INTRODUCTION and AIM
Psychomotor deficits are more commonly reported among children born preterm (PT) than those born full-term (FT). Further, evidence exists for more covert motor problems in children born preterm at school age . Such findings may be associated with a more immature spatiotemporal model of movements and lower cognitive functioning in children born PT than FT . The main aim of this study was to investigate the effects of gestational age (GA) on uni- and bimanual goal-directed arm movement organization and on cognitive functioning in children at school age.
PATIENTS/MATERIALS and METHODS
Participants consisted of 88 children between 6-9 years of age (M = 7.7 years; 40 PT, 19 girls; 48 FT, 22 girls) without known developmental delays or deviations. Children born PT were divided into two subgroups: moderately PT (M-PT), 34-36 weeks’ gestation (GW), and very PT (V-PT), < 34 GW. Movement kinematics were examined during performance of a goal-directed task, where the participants pushed three buttons in a sequential order in two different directions (vertical or horizontal) with either the right or left hand (unimanual) and with both hands simultaneously (bimanual). Movements were recorded by a 6-camera movement registration system (240Hz, ProReflex) and the number of movement units (MUs) was derived from head, shoulders, elbow, and wrist movement velocity profiles. Cognitive function in terms of verbal IQ (VIQ) and full scale IQ (FSIQ) was measured by the Wechsler Intelligence Scale for Children, 4th edition (WISC-IV).
Overall, a significant difference between the groups regarding number of MUs and FSIQ was found. In general, children born V-PT showed more MUs compared with the FT and M-PT group. Regardless of group, a significant higher amount of MUs was found in the bimanual condition than in the unimanual, and during horizontal movement performance in comparison with vertical. Furthermore, GA was significant negatively correlated with number of MUs for right and left wrist and right elbow, and also with FSIQ.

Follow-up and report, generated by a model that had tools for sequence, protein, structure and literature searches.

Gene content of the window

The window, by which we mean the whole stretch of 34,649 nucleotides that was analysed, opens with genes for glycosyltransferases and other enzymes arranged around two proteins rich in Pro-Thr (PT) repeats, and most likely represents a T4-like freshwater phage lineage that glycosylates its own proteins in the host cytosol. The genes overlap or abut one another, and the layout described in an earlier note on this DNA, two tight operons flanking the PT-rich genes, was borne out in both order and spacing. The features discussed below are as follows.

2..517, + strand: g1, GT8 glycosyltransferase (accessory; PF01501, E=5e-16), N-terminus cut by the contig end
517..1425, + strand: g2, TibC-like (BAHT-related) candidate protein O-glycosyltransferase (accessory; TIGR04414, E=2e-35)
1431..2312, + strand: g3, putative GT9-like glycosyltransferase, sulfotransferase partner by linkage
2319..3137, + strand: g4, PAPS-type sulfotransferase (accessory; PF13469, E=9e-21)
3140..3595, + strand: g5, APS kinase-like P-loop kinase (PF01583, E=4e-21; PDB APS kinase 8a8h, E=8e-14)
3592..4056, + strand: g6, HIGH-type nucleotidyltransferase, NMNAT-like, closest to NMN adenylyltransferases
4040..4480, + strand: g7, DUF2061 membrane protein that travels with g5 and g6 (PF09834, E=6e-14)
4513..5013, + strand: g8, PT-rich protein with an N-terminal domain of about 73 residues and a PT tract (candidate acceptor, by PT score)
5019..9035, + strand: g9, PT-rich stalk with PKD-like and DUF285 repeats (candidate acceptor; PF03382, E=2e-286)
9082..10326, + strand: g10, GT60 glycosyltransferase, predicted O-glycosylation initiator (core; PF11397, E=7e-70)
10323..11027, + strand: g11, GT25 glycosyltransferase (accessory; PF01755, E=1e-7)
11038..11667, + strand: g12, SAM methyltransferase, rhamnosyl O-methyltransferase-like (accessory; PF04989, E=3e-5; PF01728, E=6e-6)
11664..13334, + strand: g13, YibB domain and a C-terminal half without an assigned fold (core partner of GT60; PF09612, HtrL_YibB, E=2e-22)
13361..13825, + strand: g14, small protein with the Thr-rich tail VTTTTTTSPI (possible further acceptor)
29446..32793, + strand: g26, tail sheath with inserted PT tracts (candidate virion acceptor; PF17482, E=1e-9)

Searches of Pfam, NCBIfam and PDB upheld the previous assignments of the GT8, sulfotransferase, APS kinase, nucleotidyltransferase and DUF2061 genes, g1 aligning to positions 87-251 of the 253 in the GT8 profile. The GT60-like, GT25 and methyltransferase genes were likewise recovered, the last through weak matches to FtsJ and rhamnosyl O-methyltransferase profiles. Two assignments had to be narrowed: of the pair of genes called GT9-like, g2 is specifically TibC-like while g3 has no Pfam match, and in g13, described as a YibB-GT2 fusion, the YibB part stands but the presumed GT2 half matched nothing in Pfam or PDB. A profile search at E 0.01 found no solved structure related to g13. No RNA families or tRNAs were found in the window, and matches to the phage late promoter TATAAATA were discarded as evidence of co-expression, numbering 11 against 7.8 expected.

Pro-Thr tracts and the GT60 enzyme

DISCUSSION and CONCLUSIONS
These findings suggest that lower GAs are associated with both more segmented goal-directed arm movements as well as with lower general cognitive ability. During the more demanding tasks, i.e. bimanual and horizontal movements, this association became particularly evident, where the children born V-PT exhibited the greatest difficulties. Thus, this indicate immature spatio-temporal movement organization as a long-lasting effect of risk factors associated with a preterm birth, specifically for children born V-PT, that may be related to lower cognitive function. Further, limitations in kinematic degrees of freedom, leading to restricted amounts of solutions when solving a motor task, may also partly explain these findings.
 Bracewell, M. & Marlow, N. (2002). Patterns of motor disability in very preterm children. Mental Retardation and Developmental Disabilities Research Reviews, 8(4), 241-248.
 Domellöf, E., Johansson, A-M., Farooqi, A., Domellöf M. & Rönnqvist, L. (2013). Relations among upper-limb movement organization and cognitive function at school age in children born preterm. Journal of Developmental & Behavioral Pediatrics, 34(5), 344-352.
2014. 110-110 p.
1st Clinical Movement Analysis Word Conference Rome, Italy, 29th-4th October 2014